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Cyanide Testing Methods

Q. We are looking for a more accurate testing method for the presence of total and amenable cyanide in our treated wastewater.

We are presently using Hach 2010 Spectrophotometer [adv: Hach spectrophotometers on eBay or Amazon] to test for amenable cyanide only.The test method is 8027 (Pyridine-Pyrazalone Method)in accordance with the Hach Manual.

The detection level for the above test is 0.0 to 0.2 milligrams per liter.

Our test results don't always match with the Certified Lab.

Does anybody know of a more accurate method to test for cyanide?

Ed Esposito
- jersey city, New Jersey

"Operation & Maintenance of Surface Finishing Wastewater Treatment Systems"
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"Water and Waste Control for the plating Shop"
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A. First of all, are you doing the distillation? I do not have the Hach book in front of me, so I don't know whether that's in the method you cited. That's the most obvious cause for the discrepancy.

If you are distilling, make sure all the free chlorine and other oxidizers are neutralized beforehand. Samples can easily contain enough free chlorine to kill the test and give a false negative even if the reaction with potassium iodide/ starch paper [affil link] is negative.

If, on the other hand, you have excess sulfites, these will generate SO2 that will be absorbed in the sparger solution along with the HCN. This will neutralize the Chloramine 'T' in the Hach CyaniVer 3 pillow and give a false negative. The sulfites need to be oxidized in the sample (best) or in the distillate with a minimum of 30% hydrogen peroxide. Or, you can dilute the sample. The portion you're analyzing should give a positive potassium iodide/starch reaction after the addition of the Chloramine 'T' or CyaniVer 3 pillow.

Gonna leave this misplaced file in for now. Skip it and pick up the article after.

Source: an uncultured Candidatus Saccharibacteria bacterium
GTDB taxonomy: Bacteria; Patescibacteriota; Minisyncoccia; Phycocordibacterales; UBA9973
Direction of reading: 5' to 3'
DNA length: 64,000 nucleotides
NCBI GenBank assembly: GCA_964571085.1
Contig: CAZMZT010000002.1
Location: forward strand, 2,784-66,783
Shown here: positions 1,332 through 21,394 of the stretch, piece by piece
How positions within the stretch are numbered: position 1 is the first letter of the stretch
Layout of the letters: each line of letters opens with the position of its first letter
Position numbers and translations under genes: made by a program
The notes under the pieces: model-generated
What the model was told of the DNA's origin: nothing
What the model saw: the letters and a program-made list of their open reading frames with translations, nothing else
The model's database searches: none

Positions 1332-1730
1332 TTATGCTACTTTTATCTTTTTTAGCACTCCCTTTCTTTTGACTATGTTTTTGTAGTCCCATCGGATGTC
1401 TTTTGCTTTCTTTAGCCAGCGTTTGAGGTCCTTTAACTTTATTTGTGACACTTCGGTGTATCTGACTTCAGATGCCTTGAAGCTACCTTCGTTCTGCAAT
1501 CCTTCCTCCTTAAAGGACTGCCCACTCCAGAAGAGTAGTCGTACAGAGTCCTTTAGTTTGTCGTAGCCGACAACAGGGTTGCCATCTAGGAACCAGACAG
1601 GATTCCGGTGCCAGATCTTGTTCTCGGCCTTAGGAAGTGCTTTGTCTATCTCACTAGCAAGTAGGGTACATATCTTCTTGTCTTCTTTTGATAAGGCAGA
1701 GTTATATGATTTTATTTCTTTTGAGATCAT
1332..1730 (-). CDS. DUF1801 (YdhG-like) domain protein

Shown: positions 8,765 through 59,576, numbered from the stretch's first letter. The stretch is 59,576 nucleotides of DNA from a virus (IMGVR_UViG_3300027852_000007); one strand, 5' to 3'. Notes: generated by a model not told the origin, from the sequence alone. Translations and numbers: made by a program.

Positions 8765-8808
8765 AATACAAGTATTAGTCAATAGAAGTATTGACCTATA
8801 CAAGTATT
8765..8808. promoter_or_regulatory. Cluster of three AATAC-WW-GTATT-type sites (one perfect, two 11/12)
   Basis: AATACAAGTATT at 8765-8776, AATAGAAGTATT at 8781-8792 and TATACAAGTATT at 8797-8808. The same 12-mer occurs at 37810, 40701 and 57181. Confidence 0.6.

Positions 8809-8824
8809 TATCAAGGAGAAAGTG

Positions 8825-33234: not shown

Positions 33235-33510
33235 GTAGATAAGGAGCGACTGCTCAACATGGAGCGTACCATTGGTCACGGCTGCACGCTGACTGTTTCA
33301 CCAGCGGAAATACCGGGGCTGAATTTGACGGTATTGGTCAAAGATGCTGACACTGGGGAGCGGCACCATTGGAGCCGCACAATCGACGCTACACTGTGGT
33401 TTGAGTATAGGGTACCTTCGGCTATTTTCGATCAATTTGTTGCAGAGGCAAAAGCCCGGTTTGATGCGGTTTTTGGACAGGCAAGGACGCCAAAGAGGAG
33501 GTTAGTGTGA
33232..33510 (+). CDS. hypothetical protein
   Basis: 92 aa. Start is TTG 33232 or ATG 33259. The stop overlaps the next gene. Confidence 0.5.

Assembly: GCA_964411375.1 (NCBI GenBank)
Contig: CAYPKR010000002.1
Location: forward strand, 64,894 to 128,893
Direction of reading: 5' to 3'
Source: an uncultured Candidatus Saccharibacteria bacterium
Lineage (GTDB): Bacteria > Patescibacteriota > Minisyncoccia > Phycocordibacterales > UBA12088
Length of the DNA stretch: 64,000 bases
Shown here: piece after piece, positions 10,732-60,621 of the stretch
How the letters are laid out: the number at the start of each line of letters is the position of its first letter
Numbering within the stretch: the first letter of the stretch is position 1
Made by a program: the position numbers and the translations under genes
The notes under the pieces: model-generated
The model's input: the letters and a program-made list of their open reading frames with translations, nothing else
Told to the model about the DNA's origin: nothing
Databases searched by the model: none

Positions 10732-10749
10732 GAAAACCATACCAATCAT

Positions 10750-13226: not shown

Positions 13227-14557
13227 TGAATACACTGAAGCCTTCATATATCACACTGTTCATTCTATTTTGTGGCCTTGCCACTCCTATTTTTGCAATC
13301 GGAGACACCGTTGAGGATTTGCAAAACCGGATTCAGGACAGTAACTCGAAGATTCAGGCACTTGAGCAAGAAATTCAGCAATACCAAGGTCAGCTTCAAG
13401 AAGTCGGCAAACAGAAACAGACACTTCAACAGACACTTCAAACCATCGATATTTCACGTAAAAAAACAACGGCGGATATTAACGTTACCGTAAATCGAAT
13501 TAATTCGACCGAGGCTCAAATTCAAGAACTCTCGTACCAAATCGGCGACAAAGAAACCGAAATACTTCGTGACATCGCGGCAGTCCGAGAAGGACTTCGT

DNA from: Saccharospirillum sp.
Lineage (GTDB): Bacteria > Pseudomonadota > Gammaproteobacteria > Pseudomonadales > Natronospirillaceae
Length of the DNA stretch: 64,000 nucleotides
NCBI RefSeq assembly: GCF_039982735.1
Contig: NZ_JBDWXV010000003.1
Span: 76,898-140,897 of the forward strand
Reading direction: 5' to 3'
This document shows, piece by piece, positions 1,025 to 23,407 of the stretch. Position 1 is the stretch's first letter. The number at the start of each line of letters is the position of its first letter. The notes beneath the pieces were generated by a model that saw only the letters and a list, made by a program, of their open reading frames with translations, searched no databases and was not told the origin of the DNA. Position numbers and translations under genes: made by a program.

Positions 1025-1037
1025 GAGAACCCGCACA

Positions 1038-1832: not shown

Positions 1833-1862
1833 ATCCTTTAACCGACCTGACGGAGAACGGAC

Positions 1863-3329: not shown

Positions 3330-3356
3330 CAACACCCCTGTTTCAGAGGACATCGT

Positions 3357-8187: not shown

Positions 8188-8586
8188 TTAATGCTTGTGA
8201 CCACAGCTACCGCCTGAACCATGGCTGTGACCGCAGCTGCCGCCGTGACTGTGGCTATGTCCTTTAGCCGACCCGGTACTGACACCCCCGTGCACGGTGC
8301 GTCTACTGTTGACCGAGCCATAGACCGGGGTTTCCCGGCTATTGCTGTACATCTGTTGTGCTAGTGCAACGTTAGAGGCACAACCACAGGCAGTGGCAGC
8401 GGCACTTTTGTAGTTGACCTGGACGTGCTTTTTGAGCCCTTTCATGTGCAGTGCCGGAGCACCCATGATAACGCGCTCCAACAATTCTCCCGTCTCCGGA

Another hint; dilute the sample as much as possible before distilling. The test is extremely sensitive and it's generally possible to dilute it by a factor of 2 - 4 and still be able to report a limit of detection of 0.1 mg/l.

Lastly, cyanide analysis is a tricky business and discrepancies between the lab results are very common. A good internal QC check you can do is to add 1.0 mg/l cyanide to your sample, then test and see if the addition shows up in the result. Don't assume that *you're* wrong - the mistake could be at the outside lab.

dave wichern
Dave Wichern
Consultant - The Bronx, New York

Q. What is the simple spot test for cyanide present in outgoing effluent?

own plating - Bangalore,Karnataka, India
September 16, 2012

A. Hi Chandra.

Although there is actually no simple spot test for cyanide, there is a simple spot test for free chlorine -- namely, that potassium iodide starch paper [affil link] will turn dark blue to purple in the presence of free chlorine.

If the pH is right and there is free chlorine available, the correct milieu has been established for the destruction of amenable cyanide, so the starch paper [affil link] is often used as a quick spot test for amenable cyanide.


Ted Mooney,
Ted Mooney, P.E.
Striving to live Aloha - Pine Beach, New Jersey
September 19, 2012

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